The SEC asked for an asset freeze and temporary restraining order on the alleged fraudulent activity. It also requested that the Founders be prohibited from making further issuances, sales, offers, or purchases of securities (except on their own behalf, from their own private accounts) and that they disgorge their ill-gotten gains and make repayment to investors with interest. In the meantime, the Nanban companies sent out a notice to investors affirming their intent to honor all of their existing financial commitments, as well as provide more information to the SEC.

What is a Ponzi Scheme?

A Ponzi scheme is an investment fraud scheme where money is collected from new investors to fund payouts for existing investors. This ongoing cycle creates a purported legitimacy for the scam, as earlier investors continue to receive high payouts as long as new marks are exploited.

How to Avoid a Ponzi Scheme

As investors, you should watch out for these red flags that almost all Ponzi schemes have in common:

  • Be skeptical about investments that sound too good to be true
  • Research the company, broker, and financial advisor
  • Understand the investment in its entirety by asking for details about where and how your money will be invested
  • Compare the risks with the potential rewards of the investment
  • Ask for written information about the company and all guarantees made, and maintain records of your exchanges in writing
  • File a FINRA complaint if you suspect a scam
  • Consult an unbiased, trustworthy, and knowledgeable third party, such as a Ponzi scheme lawyer for help

What is Affinity Fraud?

Affinity fraud occurs when investment crimes are directed towards a particular group or community, with the rationale being it will be easier to take advantage of those who are already predisposed to trust members of their community. For example, the Nanban companies targeted the Indian/South Asian community in the DFW area. In 2021, the defendant GK said in an interview posted on FunAsia Radio, “I figured out that this [GK] strategy works hundred percent of the time. I didn’t keep it with me because I believe in community growing together.”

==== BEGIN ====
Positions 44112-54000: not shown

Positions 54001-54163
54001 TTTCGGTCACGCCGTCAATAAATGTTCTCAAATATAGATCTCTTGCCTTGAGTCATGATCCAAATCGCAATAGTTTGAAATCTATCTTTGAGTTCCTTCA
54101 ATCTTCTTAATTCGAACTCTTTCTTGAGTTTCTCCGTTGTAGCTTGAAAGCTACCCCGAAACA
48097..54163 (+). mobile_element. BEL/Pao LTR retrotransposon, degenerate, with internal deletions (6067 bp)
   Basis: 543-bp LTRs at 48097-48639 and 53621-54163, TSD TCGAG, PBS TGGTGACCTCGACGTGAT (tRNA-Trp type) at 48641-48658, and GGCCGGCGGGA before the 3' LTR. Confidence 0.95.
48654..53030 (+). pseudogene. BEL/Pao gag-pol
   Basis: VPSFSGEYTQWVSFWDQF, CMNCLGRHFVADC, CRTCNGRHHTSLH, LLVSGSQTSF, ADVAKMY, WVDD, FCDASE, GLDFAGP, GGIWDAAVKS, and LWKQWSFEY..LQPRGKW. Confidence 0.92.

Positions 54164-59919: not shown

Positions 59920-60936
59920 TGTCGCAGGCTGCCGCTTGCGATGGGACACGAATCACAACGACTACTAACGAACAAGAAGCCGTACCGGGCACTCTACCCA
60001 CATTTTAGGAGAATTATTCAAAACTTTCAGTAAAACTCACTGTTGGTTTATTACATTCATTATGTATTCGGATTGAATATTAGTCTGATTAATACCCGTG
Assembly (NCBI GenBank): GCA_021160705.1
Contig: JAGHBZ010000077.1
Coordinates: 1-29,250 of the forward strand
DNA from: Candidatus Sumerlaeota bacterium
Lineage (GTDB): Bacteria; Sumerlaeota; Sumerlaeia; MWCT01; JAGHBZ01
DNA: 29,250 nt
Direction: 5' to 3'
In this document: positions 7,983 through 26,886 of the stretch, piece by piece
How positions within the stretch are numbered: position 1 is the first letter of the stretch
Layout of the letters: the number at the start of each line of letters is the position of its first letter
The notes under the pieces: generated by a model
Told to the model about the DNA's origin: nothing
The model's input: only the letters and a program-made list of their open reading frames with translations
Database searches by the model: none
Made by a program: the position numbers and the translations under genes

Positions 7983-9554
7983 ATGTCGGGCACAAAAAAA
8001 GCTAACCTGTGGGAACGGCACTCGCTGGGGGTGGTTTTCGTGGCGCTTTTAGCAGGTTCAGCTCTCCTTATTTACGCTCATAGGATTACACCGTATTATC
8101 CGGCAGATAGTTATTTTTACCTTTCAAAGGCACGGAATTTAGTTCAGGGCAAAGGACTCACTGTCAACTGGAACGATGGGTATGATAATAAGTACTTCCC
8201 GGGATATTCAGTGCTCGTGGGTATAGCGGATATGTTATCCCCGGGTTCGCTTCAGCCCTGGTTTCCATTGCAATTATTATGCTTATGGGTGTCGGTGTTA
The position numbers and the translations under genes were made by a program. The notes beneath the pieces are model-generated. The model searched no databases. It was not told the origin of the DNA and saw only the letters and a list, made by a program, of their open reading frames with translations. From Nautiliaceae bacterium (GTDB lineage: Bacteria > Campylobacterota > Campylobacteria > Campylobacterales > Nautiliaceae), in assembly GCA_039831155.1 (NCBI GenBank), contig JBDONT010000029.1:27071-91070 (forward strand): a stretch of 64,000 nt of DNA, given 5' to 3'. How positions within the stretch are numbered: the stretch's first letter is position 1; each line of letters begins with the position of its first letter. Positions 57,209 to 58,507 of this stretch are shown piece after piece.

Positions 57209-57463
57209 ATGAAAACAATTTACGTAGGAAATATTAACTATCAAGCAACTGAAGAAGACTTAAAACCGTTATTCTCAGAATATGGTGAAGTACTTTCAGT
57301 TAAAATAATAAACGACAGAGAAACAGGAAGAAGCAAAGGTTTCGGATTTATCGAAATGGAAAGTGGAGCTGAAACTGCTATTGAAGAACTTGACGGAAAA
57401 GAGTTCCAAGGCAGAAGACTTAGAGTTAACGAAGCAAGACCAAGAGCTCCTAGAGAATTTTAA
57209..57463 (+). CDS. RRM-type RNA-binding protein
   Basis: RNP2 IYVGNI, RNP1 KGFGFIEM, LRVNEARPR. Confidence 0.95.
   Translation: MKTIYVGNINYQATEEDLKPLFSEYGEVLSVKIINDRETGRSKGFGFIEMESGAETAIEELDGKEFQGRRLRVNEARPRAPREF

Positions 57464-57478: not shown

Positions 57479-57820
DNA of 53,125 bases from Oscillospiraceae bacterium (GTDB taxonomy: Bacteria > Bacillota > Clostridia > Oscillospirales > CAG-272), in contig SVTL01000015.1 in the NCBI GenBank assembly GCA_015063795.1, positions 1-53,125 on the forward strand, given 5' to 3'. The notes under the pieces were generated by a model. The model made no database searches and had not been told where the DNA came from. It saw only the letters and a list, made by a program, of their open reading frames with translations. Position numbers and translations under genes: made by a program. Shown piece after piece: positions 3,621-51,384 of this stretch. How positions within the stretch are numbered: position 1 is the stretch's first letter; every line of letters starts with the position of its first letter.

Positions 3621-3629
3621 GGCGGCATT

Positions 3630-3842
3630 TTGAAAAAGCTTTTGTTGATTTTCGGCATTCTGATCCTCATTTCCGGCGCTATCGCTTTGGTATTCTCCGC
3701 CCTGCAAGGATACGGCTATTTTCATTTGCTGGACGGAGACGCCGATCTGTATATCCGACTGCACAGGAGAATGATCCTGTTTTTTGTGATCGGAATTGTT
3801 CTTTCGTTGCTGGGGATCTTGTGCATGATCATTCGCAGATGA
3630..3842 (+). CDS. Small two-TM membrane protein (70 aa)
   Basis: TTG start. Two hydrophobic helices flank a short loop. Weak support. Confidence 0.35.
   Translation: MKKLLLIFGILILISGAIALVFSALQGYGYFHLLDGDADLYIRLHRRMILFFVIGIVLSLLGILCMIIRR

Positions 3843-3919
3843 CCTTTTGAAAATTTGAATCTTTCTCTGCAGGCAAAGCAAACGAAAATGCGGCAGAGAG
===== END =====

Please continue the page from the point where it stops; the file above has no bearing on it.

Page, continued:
Affinity Fraud Examples

Affinity fraud schemes target groups like church groups and other religious denominations, members of the military, university alumni, immigrant and racial groups, and more because the connections of shared trust and mutual goals allow scam artists to have unfettered access to a continual pool of new victims.

How to Avoid Affinity Fraud

You can avoid affinity fraud by always keeping the following concerns close at hand when faced with an investment opportunity:

  • Use due diligence: Don’t rely on word-of-mouth recommendations when it comes to where you entrust your money. Make sure to always do your own research, both online and with FINRA BrokerCheck.
  • Avoid high-return risk-free investments: Opportunities that seem too good to be true usually are.
  • Take your time: Don’t let yourself be pressured into participating in a get-rich-quick scheme. Make sure that you feel comfortable with all of the players and details involved.

Did You Invest in Nanban Companies?

Because of this recent SEC investigation, financial recovery may be available for those who have invested in the Nanban companies. If you need help filing your claim for recovery, contact the offices of Wolper Law Firm today. Our legal experts have successfully helped our clients recover thousands to millions of funds misappropriated and misspent by fraudulent financial advisors.

How Can an Investment Fraud Lawyer Help Me?

After a scam, the most important thing is to recover your principal amount. Making a FINRA complaint with the help of an investment fraud lawyer is the best option for your fullest recovery possible. Because FINRA complaints do not involve the possibility of an appeal, it is important to work with a professional to navigate the filing and discovery process, and ensure that your complaint is done right the first time.

It can be difficult to collect damages after an investment fraud scheme, because most cases are resolved through a FINRA dispute instead of the courtroom. There are also generally few assets available to be distributed after a financial fraud, and many claimants. The Nanban case, for instance, involves at least 360 investors with a legitimate claim. This makes it crucial to work with an experienced investment fraud attorney who can help ensure that your case is timely filed in the appropriate jurisdiction and that you have the best chance possible for a full recovery.

Contact an Investment Fraud Attorney at Wolper Law Firm Today

If you have been taken advantage of by an investment fraud scam, contact one of our experienced securities fraud lawyers at Wolper Law Firm today. Our discretion, diligence, and determination on our clients’ behalf lead to results that speak for themselves. Contact our attorneys today for a complimentary and confidential consultation.

Attorney Matthew Wolper

Attorney Matthew WolperMatt Wolper is a trial lawyer who focuses exclusively on securities litigation and arbitration. Mr. Wolper has handled hundreds of securities matters nationwide before the Financial Industry Regulatory Authority (FINRA), American Arbitration Association (“AAA”), JAMS, and in state and federal court. Mr. Wolper has handled and tried cases involving complex financial products and strategies ranging from traditional stocks and bonds to options, margin and other securities-based lending products, closed/open-end mutual funds, structured products, hedge funds, and penny stocks. [Attorney Bio]